Anti tnf

Hi, just registered on this site. Have been diagnosed with RA 13 years ago, have been on methotrexate most of that time and started to self inject with methotrexate about 6 months ago but it made me feel so sick. Have not been on any medication since October 2011, my consultant said the next step was to try gold injections. I am in absolute agony in my feet and hands, I feel as if a bus has driven over my hands and feet. Am dosing myself up on diclofenac and co codamol for the pain. I work full time,am divorced and my two children live with me, I don't hve a partner so have to do everything myself. When I saw my rheumy nurse yesterday, she said I'm now so bad that I qualify for the anti tnf drug but I now have to wait another 6 weeks to get another high reading before I can actually start injecting the anti tnf. I feel so bad now that the thought of putting up with this pain for another 6 weeks is making me feel so depressed. I can hardly walk at the moment, can't hold a kettle or do most things. They won't give me a steroid injection to tide me over incase it makes me feel a little better and the reading won't be as high. The pain is unbearable,any thoughts would be appreciated and is there anybody else on the anti tnf drug.

Thank you for reading my question.

25 Replies

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  • Hi Pandora just read your blog i myself dont know any thing about anti tnf drug

    only just been diagnosed and waiting to see the consultant,there are plenty of well informed people who am sure will help you,i am very sorry you are in so much pain and hope you improve soon.

    PP

  • Welcome Pandora - I am like PP I can't really help because I'm quite new to RA but what you are going through sounds terrible - I'm so sorry but at least you have come to the right place. Plenty of people will be here with advice on pain medicines for you soon I'm certain.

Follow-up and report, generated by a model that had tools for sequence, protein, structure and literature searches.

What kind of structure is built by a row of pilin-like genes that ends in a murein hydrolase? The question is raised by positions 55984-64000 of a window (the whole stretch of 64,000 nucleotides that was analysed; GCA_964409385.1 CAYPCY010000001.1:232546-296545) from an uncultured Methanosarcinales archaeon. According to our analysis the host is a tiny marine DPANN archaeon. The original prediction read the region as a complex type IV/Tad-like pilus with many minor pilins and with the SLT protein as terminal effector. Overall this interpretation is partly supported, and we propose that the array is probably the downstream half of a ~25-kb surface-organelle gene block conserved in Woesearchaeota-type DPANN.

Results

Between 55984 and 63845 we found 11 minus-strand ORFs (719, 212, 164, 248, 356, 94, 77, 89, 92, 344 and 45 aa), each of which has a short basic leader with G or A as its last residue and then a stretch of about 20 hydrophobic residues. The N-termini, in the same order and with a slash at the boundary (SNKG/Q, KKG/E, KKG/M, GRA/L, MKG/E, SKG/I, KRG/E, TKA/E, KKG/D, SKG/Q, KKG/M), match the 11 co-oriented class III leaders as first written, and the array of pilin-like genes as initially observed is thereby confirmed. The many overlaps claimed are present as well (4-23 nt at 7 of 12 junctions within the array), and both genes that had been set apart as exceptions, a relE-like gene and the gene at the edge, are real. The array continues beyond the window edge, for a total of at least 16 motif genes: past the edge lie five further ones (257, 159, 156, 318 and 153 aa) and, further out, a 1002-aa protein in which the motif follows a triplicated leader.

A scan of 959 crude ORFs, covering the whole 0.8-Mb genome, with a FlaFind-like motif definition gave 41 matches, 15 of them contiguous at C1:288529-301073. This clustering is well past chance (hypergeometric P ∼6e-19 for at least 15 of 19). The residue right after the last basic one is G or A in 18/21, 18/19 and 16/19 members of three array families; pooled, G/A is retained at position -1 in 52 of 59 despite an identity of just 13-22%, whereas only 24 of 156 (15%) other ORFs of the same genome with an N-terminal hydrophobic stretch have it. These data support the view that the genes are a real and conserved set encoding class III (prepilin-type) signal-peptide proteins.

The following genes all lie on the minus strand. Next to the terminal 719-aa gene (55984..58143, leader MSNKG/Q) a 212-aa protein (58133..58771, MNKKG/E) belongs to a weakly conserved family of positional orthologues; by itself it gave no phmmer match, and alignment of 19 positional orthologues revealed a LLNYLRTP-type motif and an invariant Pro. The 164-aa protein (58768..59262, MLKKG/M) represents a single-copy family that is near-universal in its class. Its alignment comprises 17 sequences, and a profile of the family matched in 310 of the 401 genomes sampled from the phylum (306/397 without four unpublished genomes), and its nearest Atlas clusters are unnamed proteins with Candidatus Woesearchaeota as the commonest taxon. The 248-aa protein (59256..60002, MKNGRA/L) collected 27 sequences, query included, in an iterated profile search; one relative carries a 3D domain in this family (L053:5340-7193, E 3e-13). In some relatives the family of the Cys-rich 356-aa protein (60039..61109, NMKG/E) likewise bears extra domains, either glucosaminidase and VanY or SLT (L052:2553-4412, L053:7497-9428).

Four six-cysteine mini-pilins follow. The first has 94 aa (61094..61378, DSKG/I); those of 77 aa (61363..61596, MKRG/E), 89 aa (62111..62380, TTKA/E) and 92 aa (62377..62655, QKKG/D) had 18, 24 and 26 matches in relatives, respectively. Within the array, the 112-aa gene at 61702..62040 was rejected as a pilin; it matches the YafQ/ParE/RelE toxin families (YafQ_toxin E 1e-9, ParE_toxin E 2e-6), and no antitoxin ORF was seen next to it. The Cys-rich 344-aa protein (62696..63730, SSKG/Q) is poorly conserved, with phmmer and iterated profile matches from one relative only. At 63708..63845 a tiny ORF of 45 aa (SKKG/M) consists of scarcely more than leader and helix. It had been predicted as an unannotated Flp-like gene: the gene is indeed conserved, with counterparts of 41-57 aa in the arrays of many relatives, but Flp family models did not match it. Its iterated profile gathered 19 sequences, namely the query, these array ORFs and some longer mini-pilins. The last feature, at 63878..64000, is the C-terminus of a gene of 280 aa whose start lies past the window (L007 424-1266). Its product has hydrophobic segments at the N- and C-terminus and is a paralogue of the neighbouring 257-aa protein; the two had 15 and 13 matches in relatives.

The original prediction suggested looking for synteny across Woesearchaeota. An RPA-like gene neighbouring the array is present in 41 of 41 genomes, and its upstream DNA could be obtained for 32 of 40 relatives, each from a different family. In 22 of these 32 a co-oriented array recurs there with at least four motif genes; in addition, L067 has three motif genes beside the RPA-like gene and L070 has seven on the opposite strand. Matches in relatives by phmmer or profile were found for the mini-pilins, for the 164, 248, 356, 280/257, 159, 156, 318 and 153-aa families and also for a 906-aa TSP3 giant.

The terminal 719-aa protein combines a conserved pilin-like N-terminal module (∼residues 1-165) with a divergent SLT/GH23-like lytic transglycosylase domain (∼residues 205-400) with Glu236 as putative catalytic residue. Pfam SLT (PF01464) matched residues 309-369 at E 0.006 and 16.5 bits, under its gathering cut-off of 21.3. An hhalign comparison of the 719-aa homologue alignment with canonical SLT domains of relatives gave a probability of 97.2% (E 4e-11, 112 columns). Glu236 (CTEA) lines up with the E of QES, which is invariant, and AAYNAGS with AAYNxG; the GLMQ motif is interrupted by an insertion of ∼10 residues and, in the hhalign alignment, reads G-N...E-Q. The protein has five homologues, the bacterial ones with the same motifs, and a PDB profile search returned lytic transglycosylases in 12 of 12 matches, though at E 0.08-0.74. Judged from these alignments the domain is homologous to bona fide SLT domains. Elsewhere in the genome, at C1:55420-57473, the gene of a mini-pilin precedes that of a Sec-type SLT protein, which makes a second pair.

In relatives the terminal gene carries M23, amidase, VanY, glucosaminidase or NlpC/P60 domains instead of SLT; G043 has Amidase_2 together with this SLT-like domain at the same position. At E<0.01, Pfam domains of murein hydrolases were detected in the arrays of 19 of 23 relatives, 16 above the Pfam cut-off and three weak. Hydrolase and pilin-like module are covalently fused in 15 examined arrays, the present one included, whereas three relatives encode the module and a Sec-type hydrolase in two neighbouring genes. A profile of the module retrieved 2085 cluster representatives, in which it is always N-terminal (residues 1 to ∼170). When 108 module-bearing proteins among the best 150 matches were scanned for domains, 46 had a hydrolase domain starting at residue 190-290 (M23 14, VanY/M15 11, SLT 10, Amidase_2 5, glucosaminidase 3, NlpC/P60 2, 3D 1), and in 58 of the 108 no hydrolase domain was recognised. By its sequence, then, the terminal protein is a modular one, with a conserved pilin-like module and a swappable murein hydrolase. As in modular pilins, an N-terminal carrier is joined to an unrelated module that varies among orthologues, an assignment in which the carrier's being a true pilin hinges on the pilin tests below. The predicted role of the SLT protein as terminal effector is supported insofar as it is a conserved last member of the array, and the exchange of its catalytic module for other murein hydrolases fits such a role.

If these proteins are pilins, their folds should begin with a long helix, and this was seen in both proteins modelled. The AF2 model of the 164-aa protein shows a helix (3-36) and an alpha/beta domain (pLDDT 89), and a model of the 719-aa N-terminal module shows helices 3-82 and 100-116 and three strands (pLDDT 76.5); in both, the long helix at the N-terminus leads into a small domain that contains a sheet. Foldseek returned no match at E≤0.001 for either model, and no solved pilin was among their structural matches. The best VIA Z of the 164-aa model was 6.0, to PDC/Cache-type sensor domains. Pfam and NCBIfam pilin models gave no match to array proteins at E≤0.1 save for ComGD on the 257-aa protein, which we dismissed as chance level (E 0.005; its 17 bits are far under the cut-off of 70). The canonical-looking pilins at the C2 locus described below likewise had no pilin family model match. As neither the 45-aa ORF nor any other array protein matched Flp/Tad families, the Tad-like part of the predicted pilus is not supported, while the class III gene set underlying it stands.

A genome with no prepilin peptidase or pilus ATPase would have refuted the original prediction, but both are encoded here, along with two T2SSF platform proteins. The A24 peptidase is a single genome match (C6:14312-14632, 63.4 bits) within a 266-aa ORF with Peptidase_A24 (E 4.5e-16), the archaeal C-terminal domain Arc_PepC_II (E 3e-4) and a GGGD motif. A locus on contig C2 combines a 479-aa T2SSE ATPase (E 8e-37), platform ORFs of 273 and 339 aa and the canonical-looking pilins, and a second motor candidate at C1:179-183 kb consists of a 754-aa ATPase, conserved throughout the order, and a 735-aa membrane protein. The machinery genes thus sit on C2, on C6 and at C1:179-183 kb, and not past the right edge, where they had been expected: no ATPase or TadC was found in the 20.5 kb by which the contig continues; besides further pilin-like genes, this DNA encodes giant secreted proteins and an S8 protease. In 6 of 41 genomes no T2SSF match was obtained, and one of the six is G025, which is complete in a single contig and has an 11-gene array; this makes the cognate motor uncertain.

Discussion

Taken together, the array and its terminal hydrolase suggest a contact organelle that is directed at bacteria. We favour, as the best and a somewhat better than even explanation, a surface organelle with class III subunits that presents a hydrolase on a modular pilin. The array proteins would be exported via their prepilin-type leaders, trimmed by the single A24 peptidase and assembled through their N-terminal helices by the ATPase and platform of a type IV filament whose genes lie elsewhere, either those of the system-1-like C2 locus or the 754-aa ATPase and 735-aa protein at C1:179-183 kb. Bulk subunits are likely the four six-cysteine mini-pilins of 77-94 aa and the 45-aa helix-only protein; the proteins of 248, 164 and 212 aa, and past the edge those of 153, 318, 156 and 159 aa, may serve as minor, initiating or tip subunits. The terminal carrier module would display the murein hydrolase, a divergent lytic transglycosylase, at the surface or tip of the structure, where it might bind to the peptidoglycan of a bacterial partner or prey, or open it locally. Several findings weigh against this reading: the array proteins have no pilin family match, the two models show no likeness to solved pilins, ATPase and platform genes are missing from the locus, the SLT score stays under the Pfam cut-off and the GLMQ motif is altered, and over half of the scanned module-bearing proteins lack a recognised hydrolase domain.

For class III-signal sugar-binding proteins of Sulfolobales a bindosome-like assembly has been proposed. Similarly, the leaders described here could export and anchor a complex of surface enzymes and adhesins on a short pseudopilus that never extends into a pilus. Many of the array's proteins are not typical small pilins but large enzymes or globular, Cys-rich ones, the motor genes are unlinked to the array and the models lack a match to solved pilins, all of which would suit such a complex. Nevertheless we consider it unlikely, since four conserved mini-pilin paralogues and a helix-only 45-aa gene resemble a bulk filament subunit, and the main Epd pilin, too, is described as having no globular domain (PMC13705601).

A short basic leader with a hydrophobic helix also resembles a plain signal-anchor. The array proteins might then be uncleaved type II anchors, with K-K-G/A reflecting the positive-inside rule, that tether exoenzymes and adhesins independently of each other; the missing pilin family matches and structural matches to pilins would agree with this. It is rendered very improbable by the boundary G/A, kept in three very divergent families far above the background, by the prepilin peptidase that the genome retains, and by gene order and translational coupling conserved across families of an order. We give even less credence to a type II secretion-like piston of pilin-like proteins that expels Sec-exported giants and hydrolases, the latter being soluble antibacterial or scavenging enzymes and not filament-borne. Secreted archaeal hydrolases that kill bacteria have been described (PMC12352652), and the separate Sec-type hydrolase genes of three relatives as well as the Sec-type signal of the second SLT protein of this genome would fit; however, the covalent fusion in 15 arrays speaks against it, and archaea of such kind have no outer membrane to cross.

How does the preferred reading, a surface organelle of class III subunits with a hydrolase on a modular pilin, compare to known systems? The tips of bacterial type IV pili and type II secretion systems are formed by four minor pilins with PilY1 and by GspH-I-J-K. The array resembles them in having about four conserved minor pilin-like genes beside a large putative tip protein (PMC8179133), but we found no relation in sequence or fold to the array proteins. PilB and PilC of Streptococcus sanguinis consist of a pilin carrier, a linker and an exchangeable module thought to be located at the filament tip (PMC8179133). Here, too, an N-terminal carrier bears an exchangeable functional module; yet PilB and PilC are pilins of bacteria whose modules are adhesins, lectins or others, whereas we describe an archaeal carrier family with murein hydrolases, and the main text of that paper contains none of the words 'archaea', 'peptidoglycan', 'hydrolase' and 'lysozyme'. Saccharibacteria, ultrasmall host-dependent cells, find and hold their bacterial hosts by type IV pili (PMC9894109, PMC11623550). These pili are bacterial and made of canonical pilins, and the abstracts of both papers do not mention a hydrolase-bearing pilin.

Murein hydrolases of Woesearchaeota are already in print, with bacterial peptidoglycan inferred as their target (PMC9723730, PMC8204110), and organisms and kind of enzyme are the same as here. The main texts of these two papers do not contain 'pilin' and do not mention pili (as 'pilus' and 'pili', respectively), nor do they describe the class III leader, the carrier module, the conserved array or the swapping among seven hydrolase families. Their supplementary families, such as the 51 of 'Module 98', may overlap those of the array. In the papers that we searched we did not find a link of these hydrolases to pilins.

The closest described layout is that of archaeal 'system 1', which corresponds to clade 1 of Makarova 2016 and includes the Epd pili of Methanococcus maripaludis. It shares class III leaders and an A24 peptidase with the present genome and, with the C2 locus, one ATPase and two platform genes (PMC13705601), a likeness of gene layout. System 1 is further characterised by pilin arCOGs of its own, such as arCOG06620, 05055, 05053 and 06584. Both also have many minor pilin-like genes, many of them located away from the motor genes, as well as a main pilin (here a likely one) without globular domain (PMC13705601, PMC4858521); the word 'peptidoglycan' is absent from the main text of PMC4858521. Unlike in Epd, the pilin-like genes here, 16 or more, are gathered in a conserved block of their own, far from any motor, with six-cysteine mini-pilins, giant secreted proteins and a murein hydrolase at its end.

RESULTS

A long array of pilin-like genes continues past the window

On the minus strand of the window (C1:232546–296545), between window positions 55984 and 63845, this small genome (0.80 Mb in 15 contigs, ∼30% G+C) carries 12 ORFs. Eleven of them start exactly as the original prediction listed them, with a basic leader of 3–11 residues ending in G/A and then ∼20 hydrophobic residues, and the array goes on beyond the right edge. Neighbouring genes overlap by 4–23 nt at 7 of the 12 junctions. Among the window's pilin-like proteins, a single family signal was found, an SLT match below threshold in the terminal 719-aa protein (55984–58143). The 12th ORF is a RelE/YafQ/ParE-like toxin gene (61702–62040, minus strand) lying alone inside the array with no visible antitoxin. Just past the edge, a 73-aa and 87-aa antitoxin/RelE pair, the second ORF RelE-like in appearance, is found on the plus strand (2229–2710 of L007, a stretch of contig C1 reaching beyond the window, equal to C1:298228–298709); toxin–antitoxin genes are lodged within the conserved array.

Do you get any help from other professionals such as an Occupational Health person of physio? Have you had a really honest conversation with your GP about your present intollerable pain levels and the awful affects of the RA on your mobility yet? He or she is probably the best person to talk to - or if you have a rheumy nurse you could explain that you can't cope for 6 weeks in this kind of pain it's too much especially as a single parent with two children and a job. Big hugs and please keep coming on here - others who have been in similar situations re anti-tnf treatment will be here for you soon I'm certain. TTx

  • Hi ,Welcome form me too

    I'm currently waiting to be assessed for anti TNF treatment and i'm having a flare at the moment.I've got an emergency appt on Monday and i've already been put on high dose steroids by my GP I can't believe that they will let you suffer for 6 weeks!! I agree with Tilda - you really must speak to either your GP or rhuemy dept for advice - tell them that you can't carry on with your family/work responsibilities while like this.Sorry i'm not more help but the people who tell you to suffer for 6 weeks have no idea !!!

    Take care and let us know how you get on

    Julie x

  • Hi and welcome, I am on anti tnf humira and it has made a huge difference to my life, there is no cure for RA but humira, has made life enjoyable, where once I had no hope, I was on steroids for two years, and am now on mtx , plaquinil, and humira injection twice a month, bloods normal so fingers crossed.

    Don't hesitate to try anti tnf, mtx didn't do much for me on it's own, bt with mtx, managing to live good life mostly. See prev blogs.

    Good luck, it's a journey

    Gina.